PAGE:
2 months in now! Time keeps flying by but we try to make the most of it and live in the 'now'.

Stien and Dries ate/drank something bad during our stay, and suffered from some severe stomach issues the past days. It seems to be stabilising again now ... to some extend it's surprising it took about 2 months for it to happen 🙂

'Family time' might sound strange, but truth be told - it's not always easy to find the balance living together with other people in the house. So it felt really good to just be out and about with the four of us, not having to justify actions or discuss everything.

Show thread

Last weekend, we spent two days a little further down south - near Palmarin and Djiffer. A very nice and quiet environment, with some very welcome family time with the four of us.

Yesterday we ate our first chicken which we raised ourselves. Tasty for sure, yet sparking some thoughts about meat consumption and how it differs here compared to home.

Today was the first time I (Dries) got to prepare the Ataya tea ritual for some of our friends. Felt quite nice that they let me do it, since normally we (the white ppl or toubabs) would be regarded as guests and there would be no way we’d be preparing tea ourselves.

Chickens are sold at 2500 CFA a piece at the moment, unless someone buys larger quantities at once.

Show thread

After leaving our pen, they were transported to the defeatherer, who charged 100 CFA / chicken to be processed (intestine and feather removal).

Show thread

Today we processed our first chicken orders.
Hopefully it wasn’t traumatising for Roos and Stien ... 42 dead chickens in one go was quite the sight.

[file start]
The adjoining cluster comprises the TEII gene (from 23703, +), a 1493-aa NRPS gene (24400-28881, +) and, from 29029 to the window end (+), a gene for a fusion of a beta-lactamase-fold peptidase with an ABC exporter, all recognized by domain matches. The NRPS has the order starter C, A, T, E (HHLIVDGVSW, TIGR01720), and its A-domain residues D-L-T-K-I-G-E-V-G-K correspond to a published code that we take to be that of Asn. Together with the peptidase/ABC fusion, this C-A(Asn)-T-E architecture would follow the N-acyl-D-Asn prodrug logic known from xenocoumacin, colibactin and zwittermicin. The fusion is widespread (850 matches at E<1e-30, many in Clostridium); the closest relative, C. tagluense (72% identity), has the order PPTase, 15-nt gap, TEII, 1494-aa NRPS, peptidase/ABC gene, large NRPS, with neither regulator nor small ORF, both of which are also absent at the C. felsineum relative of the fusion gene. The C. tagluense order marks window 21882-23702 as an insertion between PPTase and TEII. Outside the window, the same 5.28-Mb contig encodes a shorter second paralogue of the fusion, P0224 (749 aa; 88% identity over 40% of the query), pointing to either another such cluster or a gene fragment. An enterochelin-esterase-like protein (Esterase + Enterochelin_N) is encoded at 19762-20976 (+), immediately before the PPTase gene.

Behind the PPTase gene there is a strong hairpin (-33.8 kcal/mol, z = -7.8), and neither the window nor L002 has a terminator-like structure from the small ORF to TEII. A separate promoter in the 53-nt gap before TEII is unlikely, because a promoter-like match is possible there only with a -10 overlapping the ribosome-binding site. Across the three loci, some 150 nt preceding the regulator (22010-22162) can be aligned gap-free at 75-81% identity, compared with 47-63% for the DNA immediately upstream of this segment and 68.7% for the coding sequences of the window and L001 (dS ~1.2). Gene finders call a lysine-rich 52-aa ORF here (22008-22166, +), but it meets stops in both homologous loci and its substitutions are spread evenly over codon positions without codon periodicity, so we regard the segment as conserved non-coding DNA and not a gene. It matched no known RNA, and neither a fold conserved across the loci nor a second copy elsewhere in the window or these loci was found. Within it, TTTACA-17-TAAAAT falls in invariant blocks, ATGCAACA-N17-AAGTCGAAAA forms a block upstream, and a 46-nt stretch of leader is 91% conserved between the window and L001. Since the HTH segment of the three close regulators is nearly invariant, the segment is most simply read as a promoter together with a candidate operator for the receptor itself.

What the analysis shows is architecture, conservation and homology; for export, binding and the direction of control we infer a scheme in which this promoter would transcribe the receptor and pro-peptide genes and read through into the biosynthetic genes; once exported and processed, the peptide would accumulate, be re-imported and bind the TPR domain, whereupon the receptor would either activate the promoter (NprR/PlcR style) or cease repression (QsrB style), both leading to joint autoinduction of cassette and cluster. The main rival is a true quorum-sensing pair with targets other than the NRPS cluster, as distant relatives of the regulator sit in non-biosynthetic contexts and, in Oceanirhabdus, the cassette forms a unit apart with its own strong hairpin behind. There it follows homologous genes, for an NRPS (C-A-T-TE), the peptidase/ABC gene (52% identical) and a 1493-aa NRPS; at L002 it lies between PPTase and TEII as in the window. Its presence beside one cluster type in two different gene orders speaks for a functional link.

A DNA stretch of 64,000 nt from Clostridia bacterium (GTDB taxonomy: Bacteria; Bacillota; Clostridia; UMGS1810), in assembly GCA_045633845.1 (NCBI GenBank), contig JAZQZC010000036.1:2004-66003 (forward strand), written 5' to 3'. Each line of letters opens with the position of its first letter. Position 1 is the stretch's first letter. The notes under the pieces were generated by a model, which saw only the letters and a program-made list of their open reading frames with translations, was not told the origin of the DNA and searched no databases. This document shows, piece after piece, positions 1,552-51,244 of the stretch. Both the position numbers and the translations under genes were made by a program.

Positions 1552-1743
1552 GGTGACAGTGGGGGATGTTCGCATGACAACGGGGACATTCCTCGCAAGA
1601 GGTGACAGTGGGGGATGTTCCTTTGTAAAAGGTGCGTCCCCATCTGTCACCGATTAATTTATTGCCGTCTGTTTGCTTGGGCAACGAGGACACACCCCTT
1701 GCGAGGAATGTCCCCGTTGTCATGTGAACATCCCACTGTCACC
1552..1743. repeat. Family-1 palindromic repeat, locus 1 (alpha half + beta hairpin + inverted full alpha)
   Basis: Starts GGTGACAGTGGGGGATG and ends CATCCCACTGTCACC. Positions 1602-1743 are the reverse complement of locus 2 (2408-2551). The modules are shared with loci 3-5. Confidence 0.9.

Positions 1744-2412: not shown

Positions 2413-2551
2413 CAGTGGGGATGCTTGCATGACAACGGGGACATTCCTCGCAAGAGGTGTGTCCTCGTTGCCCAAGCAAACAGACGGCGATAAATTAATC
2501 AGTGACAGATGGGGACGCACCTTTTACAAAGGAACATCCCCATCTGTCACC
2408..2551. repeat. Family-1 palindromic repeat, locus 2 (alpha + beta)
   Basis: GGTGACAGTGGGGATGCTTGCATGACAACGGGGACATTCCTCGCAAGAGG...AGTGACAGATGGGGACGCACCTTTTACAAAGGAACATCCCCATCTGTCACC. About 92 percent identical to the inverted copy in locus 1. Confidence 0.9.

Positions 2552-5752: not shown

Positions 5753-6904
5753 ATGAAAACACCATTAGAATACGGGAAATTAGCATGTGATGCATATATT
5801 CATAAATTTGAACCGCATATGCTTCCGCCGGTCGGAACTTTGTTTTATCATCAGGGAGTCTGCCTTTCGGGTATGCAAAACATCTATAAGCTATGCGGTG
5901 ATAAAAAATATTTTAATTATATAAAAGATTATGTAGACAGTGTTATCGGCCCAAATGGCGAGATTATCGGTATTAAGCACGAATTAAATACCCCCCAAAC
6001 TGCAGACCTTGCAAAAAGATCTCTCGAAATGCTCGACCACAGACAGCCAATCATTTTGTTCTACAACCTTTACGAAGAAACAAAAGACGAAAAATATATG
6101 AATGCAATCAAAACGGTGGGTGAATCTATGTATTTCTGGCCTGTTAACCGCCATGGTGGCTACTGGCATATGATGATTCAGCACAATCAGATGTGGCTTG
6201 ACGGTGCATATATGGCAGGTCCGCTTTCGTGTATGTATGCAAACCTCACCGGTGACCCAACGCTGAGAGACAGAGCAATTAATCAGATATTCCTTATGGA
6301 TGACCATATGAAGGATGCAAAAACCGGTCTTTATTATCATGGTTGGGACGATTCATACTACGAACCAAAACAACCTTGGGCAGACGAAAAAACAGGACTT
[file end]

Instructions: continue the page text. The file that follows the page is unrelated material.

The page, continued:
The filtered water is still very drinkable for us, no major bowel issues so far.
It’s the tap water (eau de robinet) which is to avoid ... although it is drinkable, it does mess up our European bodies.

Show thread

When temperatures rise above 35 degrees, we consume about 10L of drinking water a day.
Right now we’re making the transition from mineral ‘Kirène’ water to filtered water. A 10L Kirène bottle costs us 1000CFA (€1,50). A 10L filtered water refill costs us 200CFA (€0,30).

Today a new batch of 150 baby chicks arrived. We’ll start selling our other batch within a week ... let’s see how that goes.

Fishing has become really hard for local fishermen ever since large Chinese boats started emptying the seas here. It’s a very disturbing situation, impacting many local people and families.

Show thread

Yesterday we went to see the launch of a large pirogue. When we arrived the boat was still being constructed, so we saw most of the making process - glad the boat made it to the sea! Let’s hope it brings home plenty of fish for the family.

Last week was rather quiet, noting too spectacular - mostly finding balance in our new social constellation. Since Ibrahima lives with us, it’s not always straight forward to manage expectations.

When talking about this with our Muslim friends later on, it was clear we were overthinking things and should just let people be and do their thing as they please.
Again, an interesting cultural difference ... as situation in which we might feel uncomfortable or offended, but it clearly was not the case in local culture.

Show thread

The feast afterwards had an odd twist to it, it felt (to us) like a showoff party with a table filled with bottles of liquor and wine. Later on, food was either chicken or pork.
We rarely see ppl drinking alcohol or eat pork here, so it felt a little strange that when it’s a Christian feast this turned out to be ‘normal’.

Show thread

The mass was nice, a good balance between ‘formal and tradition’ and local interpretation. A super nice Senegalese choir (which filled half the church) and a pastor who addressed the children in a good way.

Show thread

Yesterday we were invited to a communion. We first went to church, afterwards joined the ‘grand feast’. It was the first Christian thing we attended (most of our other friends are Muslim) ... and it was somewhat ‘odd’;

‘The boutique’ remains a fascinating shop. They have just about anything you might need to live here. Nothing is priced, but there are unwritten price conventions. Also, we always discover something new when we’re there.

Show older
Roeckoe 🐦

Home to the Roeckoe family & some friends